Adoptive mom feels left out

We adopted our daughter when she was just a few weeks old. She is an adult now with children of her own. She recently found her birth family. I have so many conflicted feelings about this.

Dear Annie: We adopted our daughter when she was just a few weeks old.

She is an adult now with children of her own. She recently found her birth family. I have so many conflicted feelings about this.

I never thought we would know the names of the birth parents, but we’ve actually met them. They’re very nice people, but I feel so shut out — like I’m no longer the mom — and it rips up my heart.

The birth mom has a Facebook account and lists my daughter along with her other children. She’s my daughter, and yet I have to share her with these strangers.

Is there a support group for those of us who have adopted children who now have frequent contact with their birth families?

I could really use someone to talk to who has shared the same experience. — Still the Mom

Dear Mom: Your feelings are natural, but you must put aside your jealousies for the sake of your daughter.

She is not trying to replace you.

She is trying to find a connection to her biological identity and information about her background.

You are still her mother. It takes away nothing from your relationship to share her with the woman who made it possible for you to adopt her.

While we could find no specific support group that deals solely with your problem, most adoption agencies and organizations have support groups for adoptive parents, and we’re sure this subject has come up.

We suggest contacting your state adoption agency or RESOLVE ( at 1760 Old Meadow Rd., Suite 500, McLean, VA 22102.

Dear Annie: Two months ago, I had an argument with a friend.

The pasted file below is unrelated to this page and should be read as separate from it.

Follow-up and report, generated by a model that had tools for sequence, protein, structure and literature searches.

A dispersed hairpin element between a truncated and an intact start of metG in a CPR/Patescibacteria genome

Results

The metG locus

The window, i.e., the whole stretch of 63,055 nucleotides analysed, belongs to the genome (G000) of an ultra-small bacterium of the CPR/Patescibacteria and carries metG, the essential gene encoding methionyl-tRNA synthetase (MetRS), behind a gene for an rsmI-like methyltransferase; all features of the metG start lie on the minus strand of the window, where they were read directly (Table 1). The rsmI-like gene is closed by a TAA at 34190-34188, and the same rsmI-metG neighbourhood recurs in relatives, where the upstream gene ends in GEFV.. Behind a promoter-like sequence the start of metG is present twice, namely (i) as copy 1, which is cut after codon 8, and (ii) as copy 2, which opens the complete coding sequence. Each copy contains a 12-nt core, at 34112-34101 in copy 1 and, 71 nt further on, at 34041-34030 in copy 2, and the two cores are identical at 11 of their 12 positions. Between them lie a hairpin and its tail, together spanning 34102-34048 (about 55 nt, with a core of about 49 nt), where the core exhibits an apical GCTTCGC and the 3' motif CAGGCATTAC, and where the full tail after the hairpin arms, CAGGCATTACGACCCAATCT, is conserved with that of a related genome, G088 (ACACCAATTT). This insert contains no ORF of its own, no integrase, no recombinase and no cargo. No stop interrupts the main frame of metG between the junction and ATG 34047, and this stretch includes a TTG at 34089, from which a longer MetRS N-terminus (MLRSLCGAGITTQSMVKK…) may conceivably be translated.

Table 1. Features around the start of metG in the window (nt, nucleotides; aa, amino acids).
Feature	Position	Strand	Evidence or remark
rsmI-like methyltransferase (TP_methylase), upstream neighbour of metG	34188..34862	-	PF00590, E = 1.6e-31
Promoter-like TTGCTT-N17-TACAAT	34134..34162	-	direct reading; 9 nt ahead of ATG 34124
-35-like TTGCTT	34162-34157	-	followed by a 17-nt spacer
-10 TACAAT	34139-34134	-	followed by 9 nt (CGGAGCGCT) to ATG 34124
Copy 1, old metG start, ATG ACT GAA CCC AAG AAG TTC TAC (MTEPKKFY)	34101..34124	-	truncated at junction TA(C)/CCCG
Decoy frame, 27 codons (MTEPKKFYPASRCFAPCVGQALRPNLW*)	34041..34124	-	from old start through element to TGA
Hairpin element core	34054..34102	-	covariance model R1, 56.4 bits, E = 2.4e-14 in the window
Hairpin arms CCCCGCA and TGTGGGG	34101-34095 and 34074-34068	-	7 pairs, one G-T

She said some very hurtful things, and we haven’t spoken since.

This friend has a tendency to blow things way out of proportion when they don’t go her way.

Her parents have even called the police on more than one occasion because of her exaggerated reactions to simple situations.

In the past, I’ve always been the one to apologize and make things right, but I’m tired of it.

The problem is, I feel I’m missing out because we’re not speaking to each other.

To make matters worse, I am good friends with her older sister, and needless to say, when I go to their house, things are very awkward.

If I don’t apologize, am I losing more than I’m gaining? — Confused

Dear Confused: We can’t answer that question.

Do you value her friendship enough to put up with these periodic temper tantrums?

If so, apologize, knowing you will be doing this for the duration of your friendship.

Might she be receptive to a gentle discussion about her behavior, pointing out that it upsets you when she reacts so strongly to what you consider minor disagreements, and that you want to strengthen your friendship by working on that? You have nothing to lose by trying.

Dear Annie: I would love to respond to the letter from “Indiana” about why people don’t attend her gatherings.

For more than 30 years, we have attended events at the home of a friend of my husband’s.

Here’s what happens: The host and hostess visit with maybe two people the entire night.

They do not ask anyone at any time if they would like anything to eat or drink. They expect their guests to clean up after.

Most of the couples are extremely negative about any given topic, not to mention they say very nasty things about the other attendees.

I often acted as hostess, making sure everyone had ample food and drink, and that items were kept appropriately warm, cold and replenished.

I tried to be a good guest by steering conversations to lighthearted topics.

These gatherings are neither fun nor relaxing.

They make me tense, and I am no longer going to attend.

I told my husband he’s more than welcome to go without me. — Nebraska

Dear Nebraska: Those gatherings seem to be a lot of work for a guest. We don’t blame you for bowing out.

Annie’s Mailbox is written by Kathy Mitchell and Marcy Sugar, longtime editors of the Ann Landers column. Please e-mail your questions to, or write to: Annie’s Mailbox, P.O. Box 118190, Chicago, IL 60611.

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